WASHINGTON — The National Security Agency has secretly broken into the main communications links that connect Yahoo and Google data centers around the world, the Washington Post reported Wednesday, citing documents obtained from former NSA contractor Edward Snowden.
A secret accounting dated Jan. 9, 2013, indicates that NSA sends millions of records every day from Yahoo and Google internal networks to data warehouses at the agency's Fort Meade, Md., headquarters.
In the past 30 days, field collectors had processed and sent back more than 180 million new records — ranging from “metadata,” which would indicate who sent or received emails and when, to content such as text, audio and video, the Post reported Wednesday on its website.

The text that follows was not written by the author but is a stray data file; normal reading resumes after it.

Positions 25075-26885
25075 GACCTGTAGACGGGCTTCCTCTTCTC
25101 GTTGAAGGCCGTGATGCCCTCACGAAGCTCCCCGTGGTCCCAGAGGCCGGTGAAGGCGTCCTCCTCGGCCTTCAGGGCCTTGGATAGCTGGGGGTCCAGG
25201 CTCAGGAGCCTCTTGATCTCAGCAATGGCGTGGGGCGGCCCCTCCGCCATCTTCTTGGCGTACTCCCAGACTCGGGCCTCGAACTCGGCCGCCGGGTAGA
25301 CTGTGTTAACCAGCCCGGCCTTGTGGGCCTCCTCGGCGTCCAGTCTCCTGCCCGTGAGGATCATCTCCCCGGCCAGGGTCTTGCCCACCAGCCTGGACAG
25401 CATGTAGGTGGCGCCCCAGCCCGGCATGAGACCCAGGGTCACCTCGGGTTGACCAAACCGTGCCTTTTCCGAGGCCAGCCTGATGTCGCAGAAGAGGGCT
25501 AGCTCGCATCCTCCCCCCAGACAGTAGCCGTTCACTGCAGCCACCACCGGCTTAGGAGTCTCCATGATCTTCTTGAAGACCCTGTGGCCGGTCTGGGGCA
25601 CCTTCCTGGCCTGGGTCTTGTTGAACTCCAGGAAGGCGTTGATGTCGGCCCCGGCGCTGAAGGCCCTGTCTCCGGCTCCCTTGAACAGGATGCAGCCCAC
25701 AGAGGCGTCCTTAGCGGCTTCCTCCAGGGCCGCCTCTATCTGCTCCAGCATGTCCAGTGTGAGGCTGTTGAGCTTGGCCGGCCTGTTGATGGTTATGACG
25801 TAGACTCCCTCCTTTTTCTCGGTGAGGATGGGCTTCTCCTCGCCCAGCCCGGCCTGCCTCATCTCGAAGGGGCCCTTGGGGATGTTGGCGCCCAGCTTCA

The new details about the NSA's access to Yahoo and Google data centers around the world come at a time when Congress is reconsidering the government's collection practices and authority, and as European governments are responding angrily to revelations that the NSA collected data on millions of communications in their countries.
The NSA's principal tool to exploit the Google and Yahoo data links is a project called MUSCULAR, operated jointly with the agency's British counterpart, GCHQ. The Post said NSA and GCHQ are copying entire data flows across fiber-optic cables that carry information between the data centers of the Silicon Valley giants.
The NSA has a separate data-gathering program, called PRISM, which uses a court order to compel Yahoo, Google and other Internet companies to provide certain data. It allows the NSA to reach into the companies' data streams and grab emails, video chats, pictures and more.
U.S. officials have said the program is narrowly focused on foreign targets, and technology companies say they turn over information only if required by court order.